26. 26. 05/17/16 Use Cases - current ● Unstructured data storage ● Archival ● Disaster Recovery ● Virtual Machine Image Store ● Cloud Storage for Service Providers ● Content Cloud ● Big Data ● Semi-structured & Structured data
  27. 27. 05/17/16 Hadoop And GlusterFS ● GlusterFS can be used for Hadoop ● GlusterFS Hadoop plugin replaces HDFS with GlusterFS ● MapReduce jobs can be run on GlusterFS volumes. ● https://github.com/gluster/glusterfs-hadoop
  28. 28. 05/17/16 Advantage Of Using GlusterFS ● Advantage of a POSIX compliant filesystem. ● Same volume/storage can be used for MapReduce and storing application data. ● E.g. : log files, unstructured data. ● No need to copy data from storage to HDFS for running MapReduce. ● No need for “NameNode” i.e. metadata server. ● Advantage of GlusterFS features (e.g. Geo-replication, Erasure Coding) ● Geo-replication is a distributed, continuous, asynchronous, and incremental replication service for disastrous recovery ● It can replicate data from one site to another over Local Area Networks (LANs), Wide Area Networks (WANs), and the Internet.
  29. 29. 05/17/16 Advantage Of Using GlusterFS ● Erasure Coding provides the fundamental technology for storage systems to add redundancy and tolerate failures. ● On GlusterFS, MapReduce jobs use “data locality optimization”. ● That means Hadoop tries its best to run map tasks on nodes where the data is present locally to optimize on the network and inter-node communication latency. ● GlusterFS works with Apache Spark Project and The Apache Ambari project.
  30. 30. 05/17/16 Apache Spark Project ● Apache Spark is an open-source data analytics cluster computing framework ● Spark fits into the Hadoop open-source community, building on top of the Hadoop Distributed File System (HDFS) ● Spark is not tied to the two-stage MapReduce paradigm and promises performance up to 100 times faster than Hadoop MapReduce, for certain applications. ● Spark provides primitives for in-memory cluster computing. ● https://spark.apache.org/docs/0.8.1/cluster-overview.html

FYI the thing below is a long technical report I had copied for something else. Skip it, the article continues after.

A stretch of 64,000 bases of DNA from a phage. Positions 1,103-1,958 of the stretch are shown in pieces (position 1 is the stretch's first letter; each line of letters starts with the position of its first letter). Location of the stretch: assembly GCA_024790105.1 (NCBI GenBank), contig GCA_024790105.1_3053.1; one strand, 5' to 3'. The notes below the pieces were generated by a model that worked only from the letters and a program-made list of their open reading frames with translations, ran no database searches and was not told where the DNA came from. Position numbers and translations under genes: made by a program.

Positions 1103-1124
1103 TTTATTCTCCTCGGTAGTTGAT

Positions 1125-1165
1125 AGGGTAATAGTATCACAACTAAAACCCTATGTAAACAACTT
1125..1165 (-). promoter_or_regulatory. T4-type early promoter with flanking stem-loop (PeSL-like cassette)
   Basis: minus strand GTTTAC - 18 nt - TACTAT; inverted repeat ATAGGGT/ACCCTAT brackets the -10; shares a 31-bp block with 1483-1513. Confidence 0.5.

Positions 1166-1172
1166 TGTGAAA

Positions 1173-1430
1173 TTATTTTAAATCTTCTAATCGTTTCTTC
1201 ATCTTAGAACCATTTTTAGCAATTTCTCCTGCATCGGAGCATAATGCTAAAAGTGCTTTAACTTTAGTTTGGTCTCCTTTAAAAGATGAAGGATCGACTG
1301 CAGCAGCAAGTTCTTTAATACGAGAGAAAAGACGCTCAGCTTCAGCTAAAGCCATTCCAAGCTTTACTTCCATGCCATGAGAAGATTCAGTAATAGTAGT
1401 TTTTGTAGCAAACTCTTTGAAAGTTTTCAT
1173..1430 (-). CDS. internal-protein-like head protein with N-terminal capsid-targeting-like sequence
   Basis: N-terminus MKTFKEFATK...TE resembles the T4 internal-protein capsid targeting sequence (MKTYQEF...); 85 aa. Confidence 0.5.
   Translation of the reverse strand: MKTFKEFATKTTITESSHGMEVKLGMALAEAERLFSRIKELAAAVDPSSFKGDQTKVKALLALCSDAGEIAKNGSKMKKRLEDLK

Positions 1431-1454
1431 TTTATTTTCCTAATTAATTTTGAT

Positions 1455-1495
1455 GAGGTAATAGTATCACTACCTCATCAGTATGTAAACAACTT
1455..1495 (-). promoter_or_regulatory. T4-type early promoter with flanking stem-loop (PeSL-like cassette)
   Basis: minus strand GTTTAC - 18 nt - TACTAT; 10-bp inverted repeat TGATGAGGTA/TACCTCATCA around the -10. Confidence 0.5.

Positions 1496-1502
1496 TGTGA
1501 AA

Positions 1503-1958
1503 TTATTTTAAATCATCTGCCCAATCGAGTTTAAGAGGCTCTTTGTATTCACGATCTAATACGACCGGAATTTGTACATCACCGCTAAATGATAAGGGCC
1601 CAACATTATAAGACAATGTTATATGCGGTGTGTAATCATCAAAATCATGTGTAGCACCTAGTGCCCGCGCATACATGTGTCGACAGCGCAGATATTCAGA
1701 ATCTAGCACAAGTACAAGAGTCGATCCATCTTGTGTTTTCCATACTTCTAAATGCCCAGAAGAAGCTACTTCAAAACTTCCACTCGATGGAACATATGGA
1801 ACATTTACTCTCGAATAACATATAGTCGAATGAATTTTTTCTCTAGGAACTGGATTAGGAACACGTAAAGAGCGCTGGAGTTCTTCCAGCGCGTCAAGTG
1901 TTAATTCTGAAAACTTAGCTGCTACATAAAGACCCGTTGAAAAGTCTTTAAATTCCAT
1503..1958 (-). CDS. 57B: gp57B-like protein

31. 31. 05/17/16 Apache Ambari Project ● The Apache Ambari project is for provisioning, managing, and monitoring Apache Hadoop clusters. ● It provides an intuitive, easy-to-use Hadoop management web UI backed by its RESTful APIs. ● Apache Ambari project supports the automated deployment and configuration of Hadoop on top of GlusterFS. ● http://www.gluster.org/2013/10/automated-hadoop-deployment-o ● http://ambari.apache.org/
  32. 32. 05/17/16 Hadoop access
  33. 33. 05/17/16 Resources Mailing lists: gluster-users@gluster.org gluster-devel@nongnu.org IRC: #gluster and #gluster-dev on freenode Links: http://www.gluster.org http://hekafs.org http://forge.gluster.org http://www.gluster.org/community/documentation/index.php/Arch http://hadoopecosystemtable.github.io/
  34. 34. Thank you! Lalatendu Mohanty lmohanty@redhat.com Twitter: @lalatenduM